DES MOINES, Iowa — The longer Steve King served in Congress, building up a repertoire of racist rhetoric and nativist sentiments, the more he unwittingly became a unifying force in American politics.
Republicans and Democrats alike were glad to see him go Tuesday, defeated in a GOP primary after nine terms in Congress representing Iowa and after being stripped of his committee assignments.
“Steve King does not represent the Republican Party, and it’s time for him to leave Congress,” said Matt Brooks of the Republican Jewish Coalition, one of several groups that backed King’s winning rival Randy Feenstra after years of frustration with King.
King, who for years kept a Confederate flag on his desk, lost his seat amid a reckoning moment for the United States as it confronts its long history of mistreatment of African Americans and a backlash against the nationalistic policies of President Donald Trump. The congressman’s defeat comes five months before Americans decide whether to reelect Trump, who in 2014 described King as “a smart person with really the right views on almost everything.”
King, a former state senator known for championing English as Iowa’s official language, was first elected to Congress in 2002. He has long been a crusader for such hard-line positions as ending automatic citizenship for children of immigrants born in the United States or for children brought with their parents illegally into the country.
In 2006, he suggested electrifying a U.S.-Mexican border fence atop his proposed wall, noting “we do that with livestock all the time.” In 2013, opposing President Barack Obama’s decision allowing children entering the U.S. illegally with parents to stay, King said, “For everyone who’s a valedictorian, there’s another 100 out there that weigh 130 pounds and they’ve got calves the size of cantaloupes because they’re hauling 75 pounds of marijuana across the desert.”
In 2008, King said during a radio program that if Obama were elected, “radical Islamists, Al-Qaida, the Islamists and their supporters will be dancing in the streets in greater numbers than they did on September 11.”
King didn’t explicitly say Obama was friendly to Islamic extremists, but the insinuation was unavoidable. “I don’t want to disparage anyone because of their race, their ethnicity, their name, whatever the religion of their father might have been,” King explained, but asked people, “think about the optics of Barack Obama potentially getting elected president.”
Some GOP leaders said there’s a place for extreme views, as long as they have a goal for the common good.
“It’s one thing to have a very strident view on immigration. It’s another to use the bully pulpit of Congress for inflammatory statements, which broke the camel’s back,” said former New York Rep. Tom Reynolds, a former chairman of the GOP’s congressional campaign arm.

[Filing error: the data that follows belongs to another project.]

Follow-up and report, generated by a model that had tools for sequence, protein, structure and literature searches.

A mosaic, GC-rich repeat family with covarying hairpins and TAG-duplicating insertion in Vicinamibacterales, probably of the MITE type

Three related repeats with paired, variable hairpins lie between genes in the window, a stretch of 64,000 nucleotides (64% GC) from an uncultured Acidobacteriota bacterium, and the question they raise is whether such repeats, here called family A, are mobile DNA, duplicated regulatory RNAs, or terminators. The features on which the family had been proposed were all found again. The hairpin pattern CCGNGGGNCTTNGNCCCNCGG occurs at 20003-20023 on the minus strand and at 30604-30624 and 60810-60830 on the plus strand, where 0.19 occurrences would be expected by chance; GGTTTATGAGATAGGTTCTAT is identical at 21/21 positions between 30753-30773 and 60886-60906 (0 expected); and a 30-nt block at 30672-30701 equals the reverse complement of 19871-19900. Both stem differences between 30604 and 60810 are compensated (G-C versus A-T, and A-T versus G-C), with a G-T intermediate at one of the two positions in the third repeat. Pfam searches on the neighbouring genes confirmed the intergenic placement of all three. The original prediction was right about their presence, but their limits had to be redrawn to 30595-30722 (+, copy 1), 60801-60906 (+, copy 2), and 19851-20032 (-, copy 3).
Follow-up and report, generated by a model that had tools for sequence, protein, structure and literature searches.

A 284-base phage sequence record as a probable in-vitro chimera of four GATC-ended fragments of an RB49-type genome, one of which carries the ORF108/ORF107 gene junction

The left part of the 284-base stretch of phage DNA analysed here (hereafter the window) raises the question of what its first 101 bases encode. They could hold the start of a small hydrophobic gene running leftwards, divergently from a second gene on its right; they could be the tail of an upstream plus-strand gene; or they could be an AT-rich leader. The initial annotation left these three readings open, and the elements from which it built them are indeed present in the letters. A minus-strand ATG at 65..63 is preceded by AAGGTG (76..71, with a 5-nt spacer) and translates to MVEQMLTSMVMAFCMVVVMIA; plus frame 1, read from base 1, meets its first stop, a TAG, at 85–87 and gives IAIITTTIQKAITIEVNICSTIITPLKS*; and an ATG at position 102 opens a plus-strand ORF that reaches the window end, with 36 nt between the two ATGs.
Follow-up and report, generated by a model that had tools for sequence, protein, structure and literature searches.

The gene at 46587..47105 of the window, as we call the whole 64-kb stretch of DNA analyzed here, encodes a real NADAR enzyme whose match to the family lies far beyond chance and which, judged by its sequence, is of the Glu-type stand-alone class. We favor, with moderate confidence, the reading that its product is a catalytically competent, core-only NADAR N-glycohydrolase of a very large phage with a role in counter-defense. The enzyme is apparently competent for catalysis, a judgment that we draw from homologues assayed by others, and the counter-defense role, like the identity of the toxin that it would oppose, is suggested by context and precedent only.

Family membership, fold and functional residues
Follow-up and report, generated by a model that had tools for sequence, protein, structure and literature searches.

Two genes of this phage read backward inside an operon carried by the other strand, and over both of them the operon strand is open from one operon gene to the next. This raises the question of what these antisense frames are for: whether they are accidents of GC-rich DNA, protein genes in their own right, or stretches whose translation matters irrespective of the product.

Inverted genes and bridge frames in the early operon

And yet King’s reelection — year after year — had been nearly assured in the district, rooted in the socially conservative Christian Reform Church where registered Republican voters outnumber Democrats by 60,000.
As Trump rose, King became emboldened, stepping up his long-held argument that Western Christian society had been the strongest contributor to human civilization, carefully casting the argument in terms of culture, not race.
“I’d ask you to go through history and figure out where are these contributions that have been made by these other categories of people you’re talking about,” he said in 2016. “Where did any other sub-group contribute to civilization?”
It was a New York Times story in January 2019 that marked the beginning of the end. King was stripped of his committee assignments after being quoted in the story asking, “White nationalist, white supremacist, Western civilization — how did that language become offensive?”
King has said the comments were taken out of context and has gone on to say, despite the litany of similar rhetoric over the years, that he’s never been accused by individuals of discriminating against them, sticking with his portrayal as the victim.
“This is a biased attack against me,” King said in an Associated Press interview last month. “Of all of the people who have been put in the stocks by the social media of the last few years, people like Brett Kavanaugh, at least they’ve got accusers.”
But the rare punishment of stripping King of his committee assignments — judiciary, amid the ramp-up to Trump’s impeachment, and, more practically in King’s farm-heavy district, agriculture — came amid Republicans public distancing from the alt-right groups that had reemerged during efforts to remove Confederate statues from public places.
Still, Feenstra didn’t defeat King by calling him a racist, a tack adviser said would have backfired by sending King supporters into a defensive crouch. Instead, he hammered away at King’s lack of voice, for instance, on agriculture policy in a district with the farm, food, and machinery output smaller in raw dollars only than Nebraska’s massive 3rd District.
“This is a progression, not an instance,” said Iowa Republican strategist Jon Stineman. “But him being stripped of his committees provided the opening here, the window.”
And while GOP establishment groups nationally and supporters in Iowa shrugged off King’s comments, only to be shaken by his loss of clout in key policy areas, some longtime King supporters such as state Sen. Annette Sweeney had had enough of King’s comments.
“Some of them might have been that he was trying to be funny and cute, but it wasn’t. In fact, some comments were repulsive,” said Sweeney, who backed Feenstra. “I know we Iowans have a better, broader spectrum of thoughts than some discussed by Congressman King.”
Thomas Beaumont, The Associated Press